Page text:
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March 26, 1965 - Image 4

Resource type:
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Publication:
The Michigan Daily, 1965-03-26

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I.

A

U'P r Athigau Badig
Sevenly-Fifth Year
EDITED AND MANAGED BY STUDENTS OF THE UNivERSITY OF MICHIGAN
UNDER AUTHORITY OF BOARD IN CONTROL OF STUDENT PUBLICATIONS

EDUCATIONAL ISSUES:
Community Colleges. Growing

ti

WHY NOTT

0-k

A nh-Democracy
And the 26,150
By Jeffrey Goodman

: :

iere Opinions Are Free, 420 MAYNARD ST., ANN ARBOR, MICH.
Truth Will Prevail

NEWs PHONE: 764-0552

Editorials printed in The Michigan Daily express the individual opinions of staff writers
or the editors. This must be noted in all reprints.
FRIDAY, 26 MARCH 1965 NIGHT EDITOR: WILLIAM BENOIT

The Viet N rotest:

Some Chose Not To Talk

0 0 0

EDITOR'S NOTE: This is the
third in a series of articles on the
issues discussed in the report of
Gov. George Romney's "blue rib-
bon" Citizens' Committee on High-
er Education.
By LEONARD PRATT
T HE REPORT of Gov. George
Romney's "blue ribbon" Citi-
zens' Committee on Higher Edu-
cation emphasizes Michigan's need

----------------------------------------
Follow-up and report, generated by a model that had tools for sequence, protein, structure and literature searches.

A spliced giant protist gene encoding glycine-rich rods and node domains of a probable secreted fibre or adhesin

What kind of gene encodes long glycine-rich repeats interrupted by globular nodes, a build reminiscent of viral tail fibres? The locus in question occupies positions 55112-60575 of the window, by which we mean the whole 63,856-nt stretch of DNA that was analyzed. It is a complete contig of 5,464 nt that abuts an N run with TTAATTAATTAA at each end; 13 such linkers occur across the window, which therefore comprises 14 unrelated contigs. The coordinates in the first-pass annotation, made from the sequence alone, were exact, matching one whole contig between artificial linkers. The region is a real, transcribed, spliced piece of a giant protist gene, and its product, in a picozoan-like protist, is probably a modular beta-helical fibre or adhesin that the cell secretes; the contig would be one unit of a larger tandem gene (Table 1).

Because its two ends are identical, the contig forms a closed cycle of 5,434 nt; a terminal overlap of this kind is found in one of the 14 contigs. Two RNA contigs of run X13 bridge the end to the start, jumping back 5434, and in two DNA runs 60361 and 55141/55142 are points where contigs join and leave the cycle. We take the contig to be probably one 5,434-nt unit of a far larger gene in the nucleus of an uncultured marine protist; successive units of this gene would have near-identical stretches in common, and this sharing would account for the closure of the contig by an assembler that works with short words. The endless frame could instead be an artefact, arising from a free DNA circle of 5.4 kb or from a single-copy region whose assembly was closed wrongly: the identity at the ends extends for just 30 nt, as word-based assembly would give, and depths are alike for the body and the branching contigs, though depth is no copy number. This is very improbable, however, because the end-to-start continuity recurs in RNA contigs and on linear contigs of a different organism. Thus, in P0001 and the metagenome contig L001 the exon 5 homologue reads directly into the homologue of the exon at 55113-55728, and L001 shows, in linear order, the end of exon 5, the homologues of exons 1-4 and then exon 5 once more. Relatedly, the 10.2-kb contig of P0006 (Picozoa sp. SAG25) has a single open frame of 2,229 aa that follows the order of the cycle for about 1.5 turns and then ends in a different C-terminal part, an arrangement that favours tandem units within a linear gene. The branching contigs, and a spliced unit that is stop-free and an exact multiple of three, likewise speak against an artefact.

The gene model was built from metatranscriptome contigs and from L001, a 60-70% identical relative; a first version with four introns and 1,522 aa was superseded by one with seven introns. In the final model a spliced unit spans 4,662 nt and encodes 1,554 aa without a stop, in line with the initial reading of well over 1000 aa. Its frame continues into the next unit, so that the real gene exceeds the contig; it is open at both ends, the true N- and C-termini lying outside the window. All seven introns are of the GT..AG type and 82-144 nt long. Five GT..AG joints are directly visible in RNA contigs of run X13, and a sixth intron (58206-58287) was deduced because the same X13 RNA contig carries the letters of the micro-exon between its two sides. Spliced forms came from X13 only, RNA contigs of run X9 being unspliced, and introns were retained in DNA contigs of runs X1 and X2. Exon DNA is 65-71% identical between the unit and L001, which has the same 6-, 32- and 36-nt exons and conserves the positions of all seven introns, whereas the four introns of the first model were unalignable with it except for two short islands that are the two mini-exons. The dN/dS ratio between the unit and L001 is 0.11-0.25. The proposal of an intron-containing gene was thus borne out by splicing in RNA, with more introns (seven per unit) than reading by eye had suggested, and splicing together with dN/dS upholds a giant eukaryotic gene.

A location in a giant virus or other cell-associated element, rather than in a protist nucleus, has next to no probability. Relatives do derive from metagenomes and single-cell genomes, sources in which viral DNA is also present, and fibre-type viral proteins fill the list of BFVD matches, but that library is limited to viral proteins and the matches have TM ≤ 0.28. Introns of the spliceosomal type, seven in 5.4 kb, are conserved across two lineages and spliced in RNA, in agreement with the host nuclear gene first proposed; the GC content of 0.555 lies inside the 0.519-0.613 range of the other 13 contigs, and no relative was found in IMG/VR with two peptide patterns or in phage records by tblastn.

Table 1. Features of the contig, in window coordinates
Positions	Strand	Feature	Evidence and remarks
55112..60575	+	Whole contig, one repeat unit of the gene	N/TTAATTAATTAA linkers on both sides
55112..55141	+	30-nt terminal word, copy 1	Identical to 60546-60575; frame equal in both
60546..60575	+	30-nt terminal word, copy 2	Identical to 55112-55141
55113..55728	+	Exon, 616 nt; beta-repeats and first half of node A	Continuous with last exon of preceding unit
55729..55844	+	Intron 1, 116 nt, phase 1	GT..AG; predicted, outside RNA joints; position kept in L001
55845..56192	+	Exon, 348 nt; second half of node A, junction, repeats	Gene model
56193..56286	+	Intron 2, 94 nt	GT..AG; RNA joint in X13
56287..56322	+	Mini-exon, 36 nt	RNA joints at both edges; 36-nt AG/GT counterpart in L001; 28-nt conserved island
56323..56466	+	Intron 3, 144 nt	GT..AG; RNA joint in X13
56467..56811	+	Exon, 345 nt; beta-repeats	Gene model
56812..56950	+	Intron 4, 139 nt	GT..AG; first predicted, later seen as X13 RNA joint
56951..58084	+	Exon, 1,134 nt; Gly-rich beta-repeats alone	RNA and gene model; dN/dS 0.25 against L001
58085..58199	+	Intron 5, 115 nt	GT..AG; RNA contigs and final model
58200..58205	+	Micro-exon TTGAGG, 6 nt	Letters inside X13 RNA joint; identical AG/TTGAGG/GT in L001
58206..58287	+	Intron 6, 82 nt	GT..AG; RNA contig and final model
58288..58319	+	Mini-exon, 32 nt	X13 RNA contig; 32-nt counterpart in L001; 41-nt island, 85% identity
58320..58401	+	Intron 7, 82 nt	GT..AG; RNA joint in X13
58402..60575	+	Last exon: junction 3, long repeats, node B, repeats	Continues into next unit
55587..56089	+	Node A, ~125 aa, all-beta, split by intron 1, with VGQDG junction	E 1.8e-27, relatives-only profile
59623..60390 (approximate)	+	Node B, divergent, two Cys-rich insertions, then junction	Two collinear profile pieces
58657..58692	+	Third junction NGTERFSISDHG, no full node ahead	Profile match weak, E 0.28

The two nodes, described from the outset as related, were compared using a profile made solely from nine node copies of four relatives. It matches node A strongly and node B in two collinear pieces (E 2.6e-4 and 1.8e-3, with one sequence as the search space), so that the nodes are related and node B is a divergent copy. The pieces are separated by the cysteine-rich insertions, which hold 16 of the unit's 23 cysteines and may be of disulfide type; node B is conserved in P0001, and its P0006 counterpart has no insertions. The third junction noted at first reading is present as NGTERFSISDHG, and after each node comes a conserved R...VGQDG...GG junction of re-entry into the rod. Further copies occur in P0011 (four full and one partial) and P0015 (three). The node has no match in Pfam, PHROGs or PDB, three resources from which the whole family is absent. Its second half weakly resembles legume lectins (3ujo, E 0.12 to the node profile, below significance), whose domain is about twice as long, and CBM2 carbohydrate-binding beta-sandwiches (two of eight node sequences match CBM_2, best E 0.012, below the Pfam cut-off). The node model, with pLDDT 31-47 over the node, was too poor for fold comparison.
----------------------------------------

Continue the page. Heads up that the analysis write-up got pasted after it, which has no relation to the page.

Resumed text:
for an expanded system of govern-
ment-suported two-year colleges
and puts an increased stress on
the need for technical courses in
the 18 colleges already in opera-
tion.
Stretching from Gogebic to
Wayne counties, Michigan's com-
munity college net is a diverse one.
State community funds come from
three sources-state allocations,
local taxation, and students' fees.
Many community colleges have
well-developed technical training
programs; others modify this and
are similar to models of larger
universities in their emphasis on
liberal arts.
The blue ribbon report charts
designs to modify and systematize
all this diversity. In planning to do
so, it plans moves that will sig-
nificantly effect both the system
and Michigan higher education.

PERHAPS the most significant
of the report's proposals, all
of which must be implemented by
the State Board of Education be-
fore they have binding effect, is
its emphasis on the vastly ex-
panded role community colleges
should play in technical educa-
tion.
"This Committee." the report
states, "believes that a statewide
system of community colleges-
offering the technical vocational
programs ... is an essential part
of the Michigan system of higher
education."
The emphasis might tend to op-
pose the thinking of many key
state figures connected with com-
munity colleges. Robert E. Turner,
president of Macomb County's col-
lege and member of the State
Board of Community College Ad-
ministrators, told the board of
education's March 4 Flint hearing
that the present emphasis within
community colleges on freshman-
sophomore preparatory programs
should not be de-emphasized.
In addition, Leon Fill, vice-
president of the board of educa-
tion, though supporting vocation-
al education, has said that com-
munity colleges must maintain a
strong liberal arts program.

IT'S INTERESTING to see who makes
all the noise at a protest.
Many who were at the Diag rally at
Wednesday's teach-in clearly remember
the large group of people carrying signs
protesting the protest. The chant "Bet-
ter dead than Red," was seen and heard
as the delegation of marchers bearing